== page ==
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1) Traditional Medicare: Health Insurance for Seniors 65 and older. Medicare Part A is coverage for hospital services. Medicare Part B is coverage for doctor, physical therapist and other provider services and for outpatient services such as labs and imaging.

2) Medicare Advantage: Health Insurance for Seniors 65 and older administered through a private health insurance company. It is sometimes referred to as Medicare Part C. It can be chosen instead of Traditional Medicare and often includes Dental Insurance, Vision Insurance, Hearing Aid Insurance and Prescription Drug Coverage.

3) Medicare Part D Prescription Coverage: Additional insurance for people on Traditional Medicare to cover their prescription medications as well. Medicare Part D is administered by private insurance companies.

4) Medicare Supplement Plans: Insurance that can be purchased in addition to Traditional Medicare to cover the expenses that Traditional Medicare does not cover, such as hospitalization deductibles and Medicare Part B co-insurance.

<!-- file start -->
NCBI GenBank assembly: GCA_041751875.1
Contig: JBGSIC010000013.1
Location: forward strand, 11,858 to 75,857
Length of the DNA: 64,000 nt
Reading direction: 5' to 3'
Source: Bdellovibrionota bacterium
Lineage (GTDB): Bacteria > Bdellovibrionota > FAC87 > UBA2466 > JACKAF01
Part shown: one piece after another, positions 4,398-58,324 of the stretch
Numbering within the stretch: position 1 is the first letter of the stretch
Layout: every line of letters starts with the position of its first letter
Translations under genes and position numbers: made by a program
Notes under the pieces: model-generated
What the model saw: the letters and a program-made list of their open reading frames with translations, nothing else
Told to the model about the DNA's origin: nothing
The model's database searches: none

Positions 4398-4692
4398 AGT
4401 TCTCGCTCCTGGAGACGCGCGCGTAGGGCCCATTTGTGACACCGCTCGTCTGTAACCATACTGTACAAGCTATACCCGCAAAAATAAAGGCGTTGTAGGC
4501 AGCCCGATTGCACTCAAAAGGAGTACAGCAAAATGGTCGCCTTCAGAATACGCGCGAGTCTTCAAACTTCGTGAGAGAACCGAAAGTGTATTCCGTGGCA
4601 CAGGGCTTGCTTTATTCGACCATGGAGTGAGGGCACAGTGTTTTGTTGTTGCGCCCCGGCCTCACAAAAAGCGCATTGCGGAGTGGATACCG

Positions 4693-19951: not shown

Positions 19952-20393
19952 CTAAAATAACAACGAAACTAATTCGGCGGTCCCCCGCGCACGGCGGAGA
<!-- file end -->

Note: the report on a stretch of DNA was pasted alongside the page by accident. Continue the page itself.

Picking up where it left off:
5) Medicaid: The health insurance program administered by each state for it’s economically disadvantaged residents. It is funded in part by the Federal Government and in part by each state. It is administered by private health insurance companies.

6) Affordable Care Act (ACA) Exchange Plans: Health insurance for people under 65 who make too much money to qualify for Medicaid, but do not received health insurance through their employer. ACA Exchange Plans are subsidized by the Federal Government and administered by private insurance companies.

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PODCAST: Hospital “Out-Patient” Department Pricing Explained

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Hospitals Are Paid More for SAME SERVICE in Outpatient Department Than Doctors Are Paid in Office.

For Example, the SAME Echocardiogram Costs $600 in a Hospital Outpatient Department and $250 in a Doctor’s Office.

By Dr. Eric Bricker MD

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PODCAST: Medicare Outsources Paying Claims

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The US Federal Government Does NOT Process Medicare Claims.

By Eric Bricker MD

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CITE: https://www.r2library.com/Resource/Title/082610254

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Average Annual Healthcare Growth Rates of Spending, Utilization and Price

By Staff Reporters

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Average Annual Growth Rates of Spending, Utilization, and Prices

 •  Spending per person: commercial insurers (3.2% per year); Medicare fee for service (1.8% per year)